As always within the pagan community and its many branches, gaining consensus on an issue is somewhat like herding cats. This in particular is a difficult and thorny subject, with many and varied viewpoints which seems to elicit some very emotional responses. Not least I suspect, because many pagans arrived in their chosen tradition, in part as a direct rejection of established religion and all that entails. The language of priesthood is for some, simply too close to this. Perspectives range from those who do not see the need for a priesthood at all, feeling that they do not need anyone to stand between them and the gods, those who rely on priests for teaching, ritual and guidance, and those who appoint themselves as professional priests taking on the role full time. Unlike established religions, there is no ‘church’ to appoint, pay or regulate those who take on the role and whilst there may be small groups and teaching schools who do offer training anyone can chose to undertake the role. Whilst I firmly believe this to be a strength of paganism and seriously hope we never go down that sort of C of E route and all the corruption it entails, the lack of it does create some problems of its own which require careful consideration. After all, where do the priests come from, who makes them, who ensures that they are not fiddling with the children, and further do we need them at all?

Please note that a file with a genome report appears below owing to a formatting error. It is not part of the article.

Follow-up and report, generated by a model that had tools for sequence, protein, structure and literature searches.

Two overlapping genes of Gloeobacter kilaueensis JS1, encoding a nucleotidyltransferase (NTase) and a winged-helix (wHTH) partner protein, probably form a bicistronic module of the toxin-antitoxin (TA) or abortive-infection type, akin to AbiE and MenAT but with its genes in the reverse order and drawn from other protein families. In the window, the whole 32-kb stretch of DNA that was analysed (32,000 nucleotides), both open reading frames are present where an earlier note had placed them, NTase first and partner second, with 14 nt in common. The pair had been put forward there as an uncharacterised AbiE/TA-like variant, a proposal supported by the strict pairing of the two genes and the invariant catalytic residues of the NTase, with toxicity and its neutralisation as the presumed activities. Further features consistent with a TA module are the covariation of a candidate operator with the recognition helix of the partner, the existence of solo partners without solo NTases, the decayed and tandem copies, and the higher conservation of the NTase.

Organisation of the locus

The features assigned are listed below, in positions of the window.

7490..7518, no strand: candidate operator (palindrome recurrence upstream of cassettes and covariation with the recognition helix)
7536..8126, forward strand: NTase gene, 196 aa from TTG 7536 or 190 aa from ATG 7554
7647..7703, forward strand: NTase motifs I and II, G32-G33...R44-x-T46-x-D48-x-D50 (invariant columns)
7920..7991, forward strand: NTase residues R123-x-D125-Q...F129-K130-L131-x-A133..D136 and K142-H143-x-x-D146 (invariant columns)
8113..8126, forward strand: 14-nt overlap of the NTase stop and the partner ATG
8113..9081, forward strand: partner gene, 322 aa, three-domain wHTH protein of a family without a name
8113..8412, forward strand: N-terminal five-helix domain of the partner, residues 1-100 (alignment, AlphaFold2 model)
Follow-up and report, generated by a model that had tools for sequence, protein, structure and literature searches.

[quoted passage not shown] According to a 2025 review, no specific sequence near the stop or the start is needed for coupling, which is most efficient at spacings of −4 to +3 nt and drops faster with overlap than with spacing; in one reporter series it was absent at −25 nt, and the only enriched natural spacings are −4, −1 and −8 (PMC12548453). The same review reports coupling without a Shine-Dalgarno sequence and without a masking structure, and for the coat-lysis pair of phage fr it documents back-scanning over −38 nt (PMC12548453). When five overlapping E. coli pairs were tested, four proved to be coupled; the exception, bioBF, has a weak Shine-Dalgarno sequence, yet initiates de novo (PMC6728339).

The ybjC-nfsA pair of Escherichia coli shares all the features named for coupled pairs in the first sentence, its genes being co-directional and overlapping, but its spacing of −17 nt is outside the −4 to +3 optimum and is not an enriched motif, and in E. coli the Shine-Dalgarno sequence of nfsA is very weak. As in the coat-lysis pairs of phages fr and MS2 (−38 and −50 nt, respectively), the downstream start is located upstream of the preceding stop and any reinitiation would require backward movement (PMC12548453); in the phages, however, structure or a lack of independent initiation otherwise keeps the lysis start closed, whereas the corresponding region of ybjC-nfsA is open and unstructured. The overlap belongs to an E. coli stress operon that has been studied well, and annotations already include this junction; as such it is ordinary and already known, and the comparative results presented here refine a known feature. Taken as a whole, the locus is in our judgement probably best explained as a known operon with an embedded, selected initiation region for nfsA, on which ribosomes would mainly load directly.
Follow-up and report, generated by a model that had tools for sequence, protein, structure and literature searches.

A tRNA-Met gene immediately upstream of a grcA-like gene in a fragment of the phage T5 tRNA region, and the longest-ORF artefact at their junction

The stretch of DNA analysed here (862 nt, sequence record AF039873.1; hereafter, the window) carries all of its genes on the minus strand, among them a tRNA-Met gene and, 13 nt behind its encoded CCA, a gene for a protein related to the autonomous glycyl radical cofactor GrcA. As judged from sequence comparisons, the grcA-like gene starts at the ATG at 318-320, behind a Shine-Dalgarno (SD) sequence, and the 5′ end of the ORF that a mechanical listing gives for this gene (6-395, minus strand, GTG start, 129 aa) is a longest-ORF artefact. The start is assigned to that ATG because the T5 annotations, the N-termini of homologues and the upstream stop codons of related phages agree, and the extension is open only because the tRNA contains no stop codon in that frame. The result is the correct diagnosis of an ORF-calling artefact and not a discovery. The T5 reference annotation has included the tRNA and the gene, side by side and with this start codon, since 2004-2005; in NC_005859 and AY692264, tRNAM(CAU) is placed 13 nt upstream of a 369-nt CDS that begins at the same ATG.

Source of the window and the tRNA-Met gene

My answer to that final question; ‘do we need them at all?’ is an emphatic yes. Whilst many do feel that they do not need a priest to minister for them, having the confidence to do this themselves, there will always be times, and I can think of many in my own life when we need to hand that role over to someone who is really good at it. A perfect example is a wedding, a day when we have so many things to think of: the dress, the cake, the flowers, the ring, whether Auntie Betty is being looked after, that we need someone to do this for us. After all, we are probably not cooking the wedding breakfast or serving the buffet ourselves either. We need the day to be an ‘Occasion’, the community – our friends and family need the gathering, the moment, the spectacle, to feel the job well done, to recognise and support our moment of transition and change and this for many, requires a person who can hold the space and the focus for us to do what is needed. But priesthood is about more than the rituals and the weddings, it is about shouldering the responsibility that our traditions will continue, that we will teach the next generation the skills needed, and within that, comes the role of the teacher. There really is no substitute (I believe) for the dedicated, one to one teaching relationship that guides and mentors us through the decades of learning the skills and working through our own ego sufficiently to do it well. It is usually the pagan priests who offer (or should be offering) this kind of dedicated teaching.